No more. The current election cycle has finally broken my back.
The media happened. Romney happened. Citizens United happened.
For a while, it seemed that the Republican Party was going to be exposed for its lack of connection with America; for its tendency to have an autocratic party line requiring every politician to tow; for its hidden agenda of benefitting only the rich.
But when the media announced that Romney had “won” the first debate, I was flabbergasted. OK, so his style was aggressive, but what about the dozens of lies he told, I thought. Yes, Romney did tell lies; he said he would keep Obamacare’s provision about pre-existing conditions intact in his healthcare plan, even though that is not his platform and his advisor as usual corrected him the very next day; he also said he had no abortion legislation planned, even though he has until now always avowed to overturn Roe v. Wade, the position reiterated by Veep candidate Ryan asserted during the Vice Presidential debate.
Would a debater participating in college championships have won the trophy by asserting that the earth was flat and the sun rose in the West?
I think the American public is hungry for truth from their leaders. But the trouble is, Madison Avenue has long controlled the message in Washington, with the result that everything has become an ad campaign. And the public, busy worrying about work and family, does not have the resources to sort out the truth from the lies.
That is supposed to be the media’s job, but it has become a part of the advertising industry.
If you don’t believe me, read an article titled The Lie Factory, authored by Jill Lepore and published in the September 24 issue of The New Yorker. In it, she explains how Upton Sinclair lost the election for Governor of California in 1934 while running on an extremely popular platform titled End Poverty in California, or EPIC. His plan to create cooperative factories and farms to implement “production for use” rather than profit, to kill the sales tax, and to levy a thirty-per-cent income tax on people earning more than $50,000, was so attractive, it got support from leading writers, economists, academicians, senators, congressmen, and cities.
To defeat him, for months, The Los Angeles Times simply ran on its front page quotations from characters in Sinclair’s novels as quotes from Sinclair himself. And who was the brain behind this vicious idea? An advertising agency named Campaign Inc., run by Clem Whitaker and Leone Baxter, who coined the slogan, Every Voter is a Consumer.
And who financed the company?
Republicans of course.
For decades, Campaigns Inc. controlled the future of America. The company orchestrated Earl Warren’s campaign for Governor of California by maligning politicians who had protested the internment of Japanese citizens, using the banner “A Call to Arms in Defense of California.” Their advertising tactics were so nefarious that after Earl Warren won the election, he began to have a change of heart. After undergoing a serious illness, in 1945, Warren, who was a Republican, developed a plan for a comprehensive, compulsory health insurance for the state of California by using one and one half percent of contributions from employers and employees. The measure, in spite of being overwhelmingly popular, was defeated by Campaigns Inc. through the placement of ad campaigns in four hundred newspapers financed by the California Medical Association, using the slogan, “Political medicine is bad medicine.”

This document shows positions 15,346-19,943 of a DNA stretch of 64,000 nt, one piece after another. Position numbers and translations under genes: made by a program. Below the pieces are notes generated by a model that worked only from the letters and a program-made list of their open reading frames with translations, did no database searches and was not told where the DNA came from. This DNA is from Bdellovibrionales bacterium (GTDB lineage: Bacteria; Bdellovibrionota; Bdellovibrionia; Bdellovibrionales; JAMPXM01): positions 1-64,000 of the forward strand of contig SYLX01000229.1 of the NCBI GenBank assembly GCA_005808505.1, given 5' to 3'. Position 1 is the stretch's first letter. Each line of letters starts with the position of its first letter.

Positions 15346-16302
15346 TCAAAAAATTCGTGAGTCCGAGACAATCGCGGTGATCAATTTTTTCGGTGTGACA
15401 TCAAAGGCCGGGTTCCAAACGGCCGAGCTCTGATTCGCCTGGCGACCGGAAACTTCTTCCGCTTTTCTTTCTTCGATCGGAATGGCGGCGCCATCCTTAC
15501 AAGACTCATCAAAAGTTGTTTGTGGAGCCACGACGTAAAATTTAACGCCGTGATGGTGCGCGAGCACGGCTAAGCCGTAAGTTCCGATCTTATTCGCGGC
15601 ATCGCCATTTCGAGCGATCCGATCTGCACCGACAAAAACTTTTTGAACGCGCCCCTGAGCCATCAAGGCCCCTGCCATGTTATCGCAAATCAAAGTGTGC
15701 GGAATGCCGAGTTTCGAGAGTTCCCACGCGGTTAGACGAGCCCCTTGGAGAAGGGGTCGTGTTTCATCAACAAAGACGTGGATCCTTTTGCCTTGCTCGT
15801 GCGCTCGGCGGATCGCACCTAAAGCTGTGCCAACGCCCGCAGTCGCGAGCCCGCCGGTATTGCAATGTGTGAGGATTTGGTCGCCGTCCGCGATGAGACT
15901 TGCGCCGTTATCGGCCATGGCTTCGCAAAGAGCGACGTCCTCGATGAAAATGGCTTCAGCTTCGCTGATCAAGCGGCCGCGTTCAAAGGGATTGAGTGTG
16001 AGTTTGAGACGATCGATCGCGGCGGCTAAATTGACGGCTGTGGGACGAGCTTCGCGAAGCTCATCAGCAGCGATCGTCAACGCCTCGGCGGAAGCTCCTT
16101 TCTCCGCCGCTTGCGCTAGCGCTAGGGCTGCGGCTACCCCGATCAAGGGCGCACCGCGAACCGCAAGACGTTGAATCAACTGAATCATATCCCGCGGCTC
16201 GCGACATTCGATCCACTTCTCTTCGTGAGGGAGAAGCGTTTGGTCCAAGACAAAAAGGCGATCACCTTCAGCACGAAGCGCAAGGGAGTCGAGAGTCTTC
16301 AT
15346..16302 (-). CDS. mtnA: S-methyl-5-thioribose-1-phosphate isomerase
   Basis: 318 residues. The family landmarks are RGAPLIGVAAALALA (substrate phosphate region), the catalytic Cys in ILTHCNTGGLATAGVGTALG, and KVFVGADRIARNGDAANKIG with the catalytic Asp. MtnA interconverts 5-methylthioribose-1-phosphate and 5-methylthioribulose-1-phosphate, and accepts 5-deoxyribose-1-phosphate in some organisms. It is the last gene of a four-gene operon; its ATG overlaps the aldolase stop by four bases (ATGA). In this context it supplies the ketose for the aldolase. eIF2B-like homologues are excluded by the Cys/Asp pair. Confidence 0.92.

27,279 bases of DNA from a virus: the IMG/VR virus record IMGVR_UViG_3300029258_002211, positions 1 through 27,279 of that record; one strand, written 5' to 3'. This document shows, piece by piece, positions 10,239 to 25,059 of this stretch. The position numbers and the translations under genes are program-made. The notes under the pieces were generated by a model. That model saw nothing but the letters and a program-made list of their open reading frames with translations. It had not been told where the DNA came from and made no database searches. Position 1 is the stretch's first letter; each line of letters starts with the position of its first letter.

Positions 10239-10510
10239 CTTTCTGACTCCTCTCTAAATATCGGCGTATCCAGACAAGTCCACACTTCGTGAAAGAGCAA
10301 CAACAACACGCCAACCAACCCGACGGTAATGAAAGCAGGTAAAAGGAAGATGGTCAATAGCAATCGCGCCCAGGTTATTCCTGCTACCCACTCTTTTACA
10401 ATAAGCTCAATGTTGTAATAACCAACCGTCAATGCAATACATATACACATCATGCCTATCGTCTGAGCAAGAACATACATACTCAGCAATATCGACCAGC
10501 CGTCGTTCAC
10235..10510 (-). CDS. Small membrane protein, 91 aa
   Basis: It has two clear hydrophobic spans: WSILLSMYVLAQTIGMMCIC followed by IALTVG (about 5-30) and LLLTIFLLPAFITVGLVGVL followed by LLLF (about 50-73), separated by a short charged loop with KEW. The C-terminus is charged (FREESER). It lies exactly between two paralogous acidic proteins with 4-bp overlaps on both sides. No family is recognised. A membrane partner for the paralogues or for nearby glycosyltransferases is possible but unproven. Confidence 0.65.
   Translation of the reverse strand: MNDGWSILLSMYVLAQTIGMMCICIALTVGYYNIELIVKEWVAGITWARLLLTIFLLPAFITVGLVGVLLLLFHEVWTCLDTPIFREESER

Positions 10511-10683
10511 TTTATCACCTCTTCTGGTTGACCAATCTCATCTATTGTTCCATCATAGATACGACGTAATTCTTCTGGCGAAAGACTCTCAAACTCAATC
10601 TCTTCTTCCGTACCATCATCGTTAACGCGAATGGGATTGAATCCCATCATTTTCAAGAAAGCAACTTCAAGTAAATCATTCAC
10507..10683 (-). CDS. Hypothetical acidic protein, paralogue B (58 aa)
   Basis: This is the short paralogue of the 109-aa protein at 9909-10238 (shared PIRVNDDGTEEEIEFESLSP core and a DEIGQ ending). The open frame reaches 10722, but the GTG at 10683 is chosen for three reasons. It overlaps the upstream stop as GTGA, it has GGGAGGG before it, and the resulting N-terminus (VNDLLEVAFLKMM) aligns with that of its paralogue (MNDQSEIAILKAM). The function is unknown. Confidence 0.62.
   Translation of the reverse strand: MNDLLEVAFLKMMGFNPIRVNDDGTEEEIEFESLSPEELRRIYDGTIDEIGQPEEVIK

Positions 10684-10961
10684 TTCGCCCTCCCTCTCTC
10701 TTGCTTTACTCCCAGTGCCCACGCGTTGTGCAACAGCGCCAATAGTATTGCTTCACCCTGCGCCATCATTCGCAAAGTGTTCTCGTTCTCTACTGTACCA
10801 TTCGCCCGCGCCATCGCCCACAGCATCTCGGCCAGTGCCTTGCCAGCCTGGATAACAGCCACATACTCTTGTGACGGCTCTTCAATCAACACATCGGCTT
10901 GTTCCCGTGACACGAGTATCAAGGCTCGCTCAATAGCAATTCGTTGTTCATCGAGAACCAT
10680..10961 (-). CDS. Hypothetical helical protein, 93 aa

Harry Truman, in the meanwhile, had proposed a national healthcare plan modeled on the California plan. But Campaigns Inc. successfully defeated the popular plan, using money poured in by rich doctors belonging to the American Medical Association and using the phrase socialized medicine.
That phrase is still bandied about today, providing a testimonial to the power of money, advertising, and spin in American politics.
Campaigns Inc. laid the framework for the successful use of lies in politics; others perfected the art. In the nineteen eighties, a Republican pundit came up with a brilliant piece of strategy, “Say anything in a debate—be it truth or a lie—because seventy million people will listen to it. The next day, you can disavow or clarify your statements but ninety percent of people will not bother to read the clarifications.”
In the Presidential debates, Romney obviously relied on this wisdom. And even though media have mushroomed in the age of the internet, people were unable to call him on his lies. In fact, in the new millennium, the publicity machine has not become more democratic. Instead, campaign hacks have begun controlling messaging on Twitter and Facebook and brainwashing people into believing everything from who won the debate to who was more leader-like.
Is it any wonder then that Obama seemed so dispirited during the first debate? With problems like Libya, Syria, and Iran, not to mention the economy, on his mind, perhaps he felt diminished to have to face a habitual liar and to have to call him on his obvious untruths. Perhaps he assumed the media would do it for him.
Well after this election is over, I will be thinking about the distortions and lies and spins that have become the mainstay of American politics.
And if Romney, in spite of his lies and flip flops and his retro attitudes to everything from women and contraceptives and abortion and energy policy and taxes and healthcare and Medicare and Social Security, wins the Presidency, I will be wondering whether to move to New Zealand.
If I were younger, I suppose I would seriously consider such a prospect. But perhaps I could just tune out the madness by seeking refuge in some vacation resort on election night?
Sarita Sarvate writes commentaries for Pacific News Service and KQED. Visit www.saritasarvate.com